Our Town Books Reviews: Poems of the Great War

Poems of the Great WarThis book review originally appeared in the Jacksonville newspaper, The Source.

Poems of the Great War: An Anthology 1914-1918
Edited by Christopher Navratil
240 pp. Running Press. $5.95

In Poets Corner (the one in Westminster Abbey, not the one in our local bookstore) there is a memorial to the poets of World War I, many of whom are included in Poems of the Great War: An Anthology, 1914-1918.

World War I was a time of change for battlefield poetry. Unlike Victorian poets who glorified war but often never saw combat themselves, these poets fought, and in some cases, died in battle. They presented war in a more glaring and certainly a less picturesque light. Instead of Tennyson’s “Half a league, half a league, Half a league onward,” we find Charles Hamilton Sorley’s

“When you see millions of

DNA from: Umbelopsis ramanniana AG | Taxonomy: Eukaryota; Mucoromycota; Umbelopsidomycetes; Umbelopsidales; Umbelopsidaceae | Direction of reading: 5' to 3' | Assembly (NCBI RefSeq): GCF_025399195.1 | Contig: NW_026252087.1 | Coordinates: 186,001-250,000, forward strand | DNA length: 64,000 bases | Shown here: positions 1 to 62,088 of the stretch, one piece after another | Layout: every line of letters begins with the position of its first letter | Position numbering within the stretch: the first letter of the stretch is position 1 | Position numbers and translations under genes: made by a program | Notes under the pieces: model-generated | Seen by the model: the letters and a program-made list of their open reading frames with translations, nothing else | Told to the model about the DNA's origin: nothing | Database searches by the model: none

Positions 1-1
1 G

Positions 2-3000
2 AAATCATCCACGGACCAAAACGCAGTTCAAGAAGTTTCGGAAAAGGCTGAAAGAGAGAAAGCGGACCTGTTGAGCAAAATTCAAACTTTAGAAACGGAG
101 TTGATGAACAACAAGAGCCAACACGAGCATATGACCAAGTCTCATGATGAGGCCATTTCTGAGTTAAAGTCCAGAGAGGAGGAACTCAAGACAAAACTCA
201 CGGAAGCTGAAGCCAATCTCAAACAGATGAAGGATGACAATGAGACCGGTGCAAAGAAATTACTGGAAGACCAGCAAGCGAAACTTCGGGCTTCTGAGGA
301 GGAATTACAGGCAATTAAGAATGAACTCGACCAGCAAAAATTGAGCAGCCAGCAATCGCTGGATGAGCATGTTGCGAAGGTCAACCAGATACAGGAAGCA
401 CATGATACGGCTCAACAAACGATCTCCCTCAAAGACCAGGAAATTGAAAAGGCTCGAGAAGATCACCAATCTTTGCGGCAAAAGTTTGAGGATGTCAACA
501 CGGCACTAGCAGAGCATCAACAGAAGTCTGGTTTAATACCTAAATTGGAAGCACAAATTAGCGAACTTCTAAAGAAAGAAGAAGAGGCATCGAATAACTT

the mouthless dead
Across your dreams in pale
battalions go,
Say not soft things as other
men have said,
That you’ll remember. For
you need not so.”

Or Siegfried Sassoon’s somber and disturbing images:

And trunks, face downward,
in the sucking mud,
Wallowed like trodden
sand-bags loosely filled;
And naked sodden buttocks,
mats of hair,
Bulged, clotted heads slept
in the plastering slime.
And then the rain began,–
the jolly old rain!

The 42 poems collected in this small volume are arranged chronologically, beginning with John Masefield’s “August, 1914” and ending with Thomas Hardy’s “‘And There Was a Great Calm’ (On the Signing of the Armistice November 11, 1918).” Together they offer readers a sense of immediacy—illuminating for us the susceptibility of youth and, ultimately, the lasting horror of war. Through the work of these War Poets, our understanding spreads and deepens in a way not possible when reading historical accounts of battle.

A book need not be large to be worthwhile. It need not be expensive to be beautiful. At only 3” by 2 ½” and handsomely bound, Poems of the Great War is agreeable to hold and read. It is illustrated throughout with sepia-toned World War I battlefield photographs.

Reviewed by Sally Nurss

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